Togh field, operated by OGDC (50%) and jointly held by MARI (33%) has reported reserves life of 0.4 million barrels that translates into life of 6 years
KARACHI: Pakistan oil reserves have increased by 1% (or 9 million barrels) in last six months due to induction of eight new fields. The increase is lower than the production of 13.5 million barrels during the same period.
It is excluded Aminah, Ayesha and Zainab fields in reserves calculation as reserves of these three fields were initially recorded in June 2019 and now these have been revised down in Dec-2020, said a report of Topline securities.
According to the analyst of Topline, Togh field, operated by OGDC (50%) and jointly held by MARI (33%) has reported reserves life of 0.4 million barrels that translates into life of 6 years.
Remaining oil reserves of the country have fallen from 271 million barrels in June 2019 to 266 million barrels in Dec-2020.
Reserves of top producing fields remained largely unchanged, however, eight new fields are added namely Mamikhel South, Baqa, Singhar, Togh, Saqib, Mari-Goru, Mari-Tipu, and Mangrio, the report added.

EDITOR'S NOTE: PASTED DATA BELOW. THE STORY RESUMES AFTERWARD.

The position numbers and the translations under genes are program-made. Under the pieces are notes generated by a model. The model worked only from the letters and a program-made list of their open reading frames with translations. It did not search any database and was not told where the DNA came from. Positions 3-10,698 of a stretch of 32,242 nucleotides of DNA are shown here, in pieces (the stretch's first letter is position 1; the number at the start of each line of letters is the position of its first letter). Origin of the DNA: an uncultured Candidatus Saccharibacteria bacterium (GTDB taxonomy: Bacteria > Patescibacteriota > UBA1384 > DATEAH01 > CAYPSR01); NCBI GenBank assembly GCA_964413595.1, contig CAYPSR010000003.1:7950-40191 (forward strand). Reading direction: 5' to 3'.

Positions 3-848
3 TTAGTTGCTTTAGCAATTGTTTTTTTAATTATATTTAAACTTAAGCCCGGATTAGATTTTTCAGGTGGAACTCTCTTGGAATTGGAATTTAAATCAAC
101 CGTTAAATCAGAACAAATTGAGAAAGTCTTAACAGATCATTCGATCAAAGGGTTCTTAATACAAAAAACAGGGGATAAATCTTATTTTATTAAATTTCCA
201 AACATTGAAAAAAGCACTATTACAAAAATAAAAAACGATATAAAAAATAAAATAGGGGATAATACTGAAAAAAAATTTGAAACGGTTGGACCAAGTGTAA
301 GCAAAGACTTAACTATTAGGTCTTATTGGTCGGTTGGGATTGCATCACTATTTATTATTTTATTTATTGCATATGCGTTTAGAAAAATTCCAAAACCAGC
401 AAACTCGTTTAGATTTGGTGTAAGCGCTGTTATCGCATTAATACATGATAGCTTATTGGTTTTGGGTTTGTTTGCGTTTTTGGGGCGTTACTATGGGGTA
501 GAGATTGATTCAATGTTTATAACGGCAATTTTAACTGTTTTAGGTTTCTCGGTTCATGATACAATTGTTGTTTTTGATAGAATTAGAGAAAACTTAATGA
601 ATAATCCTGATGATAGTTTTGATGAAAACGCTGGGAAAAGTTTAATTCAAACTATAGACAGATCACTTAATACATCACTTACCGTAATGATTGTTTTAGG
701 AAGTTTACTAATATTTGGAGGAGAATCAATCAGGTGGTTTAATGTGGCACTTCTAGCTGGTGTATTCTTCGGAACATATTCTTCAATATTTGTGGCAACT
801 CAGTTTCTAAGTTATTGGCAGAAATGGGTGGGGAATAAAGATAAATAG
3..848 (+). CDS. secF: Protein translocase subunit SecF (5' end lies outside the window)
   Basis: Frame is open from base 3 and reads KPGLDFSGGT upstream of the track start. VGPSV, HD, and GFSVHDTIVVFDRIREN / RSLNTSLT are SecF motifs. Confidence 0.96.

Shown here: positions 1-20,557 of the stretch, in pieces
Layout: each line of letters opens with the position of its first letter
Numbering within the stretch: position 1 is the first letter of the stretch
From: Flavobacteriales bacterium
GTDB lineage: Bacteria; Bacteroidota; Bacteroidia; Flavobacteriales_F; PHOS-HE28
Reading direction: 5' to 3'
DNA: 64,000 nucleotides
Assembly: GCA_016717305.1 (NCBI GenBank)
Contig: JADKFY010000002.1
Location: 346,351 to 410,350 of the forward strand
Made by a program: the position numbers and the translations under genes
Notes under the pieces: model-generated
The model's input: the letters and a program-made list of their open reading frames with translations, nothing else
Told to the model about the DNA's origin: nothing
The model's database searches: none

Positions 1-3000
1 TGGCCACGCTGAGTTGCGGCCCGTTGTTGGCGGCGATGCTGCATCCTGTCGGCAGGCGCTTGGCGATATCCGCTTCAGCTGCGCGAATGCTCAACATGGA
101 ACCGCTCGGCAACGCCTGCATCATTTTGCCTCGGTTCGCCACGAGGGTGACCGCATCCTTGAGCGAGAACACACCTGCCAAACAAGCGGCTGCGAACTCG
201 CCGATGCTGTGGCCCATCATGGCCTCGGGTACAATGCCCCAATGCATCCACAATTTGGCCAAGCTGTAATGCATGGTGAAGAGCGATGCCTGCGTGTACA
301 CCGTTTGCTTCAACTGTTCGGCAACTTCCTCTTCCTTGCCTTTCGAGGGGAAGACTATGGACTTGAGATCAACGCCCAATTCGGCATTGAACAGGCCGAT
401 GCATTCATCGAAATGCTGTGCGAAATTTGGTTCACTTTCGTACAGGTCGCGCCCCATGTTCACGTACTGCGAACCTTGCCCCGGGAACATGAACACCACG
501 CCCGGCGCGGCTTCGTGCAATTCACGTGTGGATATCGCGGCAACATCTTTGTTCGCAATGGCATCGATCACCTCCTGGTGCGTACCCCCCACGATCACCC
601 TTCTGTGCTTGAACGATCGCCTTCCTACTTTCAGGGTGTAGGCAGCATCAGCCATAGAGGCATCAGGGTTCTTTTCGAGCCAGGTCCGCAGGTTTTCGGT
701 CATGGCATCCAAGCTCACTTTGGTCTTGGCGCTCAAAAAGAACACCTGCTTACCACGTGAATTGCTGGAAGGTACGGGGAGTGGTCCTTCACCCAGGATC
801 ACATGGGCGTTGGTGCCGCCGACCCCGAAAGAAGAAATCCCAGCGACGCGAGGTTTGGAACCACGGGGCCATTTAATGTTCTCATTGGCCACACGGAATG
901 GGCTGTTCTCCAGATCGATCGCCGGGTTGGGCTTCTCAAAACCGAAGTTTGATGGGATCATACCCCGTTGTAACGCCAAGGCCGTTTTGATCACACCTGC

Pakistan gas reserves have increased by 2% YoY or 1tcf mainly due to upward revision in reserves of MARI’s HRL and Mari Deep by 7% and 8%, respectively and induction of five new fields. The increase in reserves is higher than production of 0.64tcf during the same period.
The report said remaining gas reserves of the country have increased from 20.9tcf in June 2020 to 21.2tcf in Dec-2020.
Five new fields that were added to production line are Baqa, Mangrio, Mamikhel South, Togh, and Umair.
In absolute terms, Mari’s (HRL+Deep) reserves have increased by 0.7tcf, which will add $120 million (or Rs144/share) to company’s valuation based on EV/boe of $1.3.
Mamikhel South, operated by MOL Pakistan (8.4%), and joint stake held by OGDC (27.8%), PPL (27.8%) and POL (21.1%) had reported flows of 3,200 bpd and is expected to commence production over next couple of weeks. In Dec-2020, the field has reserves life of only 2.2 years, lower than average field life of 10-15 years.